USA civics are our language matter for the grammatical article and syntax, in further parts of the grammar journey. It is legal to have the texts linguistically updated for that. See the grammar ■→EXTRAS. along with the ■→NOTES ON USA CHARTERS OF FREEDOM.

To talk certainty about own perception and volition, we have the Modal verbs WILL and MUST. We do not use the verb SHALL to express strong prediction, in American English.

Let us now think about Modal verbs and the grammatical time. So far, all our contexts allowed verb second forms, as COULD or MIGHT, to work for the PAST grammatical time.
It is yet not enough to put a Modal verb into its second form, to indicate the grammatical PAST.

21. You MIGHT | COULD use the phone;
The tentative suggestion or polite offer refers to the PRESENT.

Modal forms influence the language register. The register is the styles we use to speak or write on various occasions. In simple words, it has a lot to do with being well-mannered.

The Modal form CAN is very colloquial in its register for suggestions. It might be even rude, directly to address someone who is not our personal acquaintance.

Let us imagine we ask,
22. CAN I open the window?
The answer might be,
22a. You certainly are capable of that,
but you are not allowed to.

The Modal form CAN is good style when we provide information, talk about POTENTIAL in objective circumstances.

23. Bald eagles CAN fly above clouds.

We would be likely talking about a particular place or time on Earth to say,
24. Bald eagles fly above clouds.

In American and British as well, requests with the Negative Interrogative imply that we expect consent:

25. COULDN’T I use your car?
(I expect you are going to allow it.)

Most often, requests are made without the Negative:
26. COULD I use your car (please)?

PAST forms may change the degree of Modality we express. Let us mark this degree in cubes. After the hike, we may think about mountaineering.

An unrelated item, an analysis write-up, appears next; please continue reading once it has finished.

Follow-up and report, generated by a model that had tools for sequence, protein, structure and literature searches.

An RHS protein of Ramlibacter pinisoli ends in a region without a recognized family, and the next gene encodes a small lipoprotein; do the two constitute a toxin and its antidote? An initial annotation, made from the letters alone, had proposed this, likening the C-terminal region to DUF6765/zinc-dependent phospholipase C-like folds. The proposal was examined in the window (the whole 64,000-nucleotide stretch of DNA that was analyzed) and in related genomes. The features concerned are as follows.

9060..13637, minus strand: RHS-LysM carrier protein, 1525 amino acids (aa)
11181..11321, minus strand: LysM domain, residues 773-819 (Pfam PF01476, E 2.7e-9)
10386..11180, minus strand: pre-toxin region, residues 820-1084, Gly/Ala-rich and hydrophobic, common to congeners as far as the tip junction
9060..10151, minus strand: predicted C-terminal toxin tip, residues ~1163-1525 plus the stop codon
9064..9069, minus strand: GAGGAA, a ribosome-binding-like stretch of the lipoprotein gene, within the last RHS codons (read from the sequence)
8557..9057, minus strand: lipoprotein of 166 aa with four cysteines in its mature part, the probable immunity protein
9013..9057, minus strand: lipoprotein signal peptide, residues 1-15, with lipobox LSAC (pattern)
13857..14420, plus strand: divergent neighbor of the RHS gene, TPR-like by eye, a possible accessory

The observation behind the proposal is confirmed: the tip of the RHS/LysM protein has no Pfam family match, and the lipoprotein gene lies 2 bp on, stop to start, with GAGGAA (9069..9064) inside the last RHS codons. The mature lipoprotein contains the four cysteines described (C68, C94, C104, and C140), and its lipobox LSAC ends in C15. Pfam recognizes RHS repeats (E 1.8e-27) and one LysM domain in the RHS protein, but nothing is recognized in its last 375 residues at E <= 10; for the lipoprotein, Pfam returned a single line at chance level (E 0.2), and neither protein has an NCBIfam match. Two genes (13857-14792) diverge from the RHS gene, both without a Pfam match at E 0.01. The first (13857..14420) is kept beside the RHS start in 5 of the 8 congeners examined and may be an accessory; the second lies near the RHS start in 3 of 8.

27. Careful with this handle, it MIGHT break.

27a. Careful with this handle, it MAY break.

28. Careful with this handle, it CAN break.

28a. Careful with this handle, it COULD break.

Modal forms will require that we are flexible. Let us begin with simple words. In example 27, we could name the handle a quickdraw. There are yet multifarious handles in this world. We may need one to break a can of beans open, when hiking.

A can, a noun, may mean a metal container. To can goods, we may put them in cans. The auxiliary can mediate between Time and Aspect; it is a Modal form.
Examples here all involve the same word shape, but not the same language form.

Likewise, rock formations and silk scarves may show similarity in shape, but they are far from similar in physical form, as this may involve matter.

Modal verbs are no exception where we need to perceive the language form in context, for effective language skill.

Let us compare other Modal verbs for their degrees of CONTINGENCY or CERTAINTY.

29. The can WILL / HAS TO / MUST break open.

29. The can SHOULD / OUGHT TO break open.

29. The can NEEDS to break open.

Modal forms HAVE TO and MUST differ in sense, not in degree of Modality.

32. You HAVE TO take care of the handle;
(such are the circumstances).

32. You MUST take care of the handle;
(my common sense says so).

Colloquial American English has phrases as GOTTA TO, HAVE GOT TO, or HAS GOT TO,
for CERTAINTY as well as CONTINGENCY.

Colloquial uses depart from the standard, and they are mostly banned from schools. We yet may need some acquaintance with them to comprehend everyday speech. Informally, the word “stuff” may mean “talk”, “matter”.

34b. We HAVE TO / GOTTA learn to handle the Modal stuff.

Much of the the picture so far is a strong challenge on our time frames and arrow cues: how do we use them with Modal verbs, if Modal shapes, PRESENT or PAST, tell the degree of modality, and not the target grammatical time? We develop Modality time frames.

In both examples here, the Modality frame is open. Our arrow cues continue to indicate the target grammatical time, not the verb form.

35. One COULD read this all in 7 minutes.
(It is possible to read this post in 7 minutes, the PRESENT.)

36. I COULD read when I was five.
(I was able to read when I was five years old, the PAST.)

What strategy could we develop to close the Modal frame? Let us make some more observations on the auxiliary HAVE and syntactic structures.
■→CHAPTER 9.1. MODAL SYNTAX, THE GRAMMATICAL PRESENT OR PAST

■→This text is also available in Polish.


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■ the grammatical Past, Present, and Future;
■ the Simple, Progressive, and Perfect;
■ infinitive, auxiliary, and head verb forms;
■ the Affirmative, Interrogative, Negative, and Negative Interrogative;
■ irregular verbs and vowel patterns: high and low, back and front.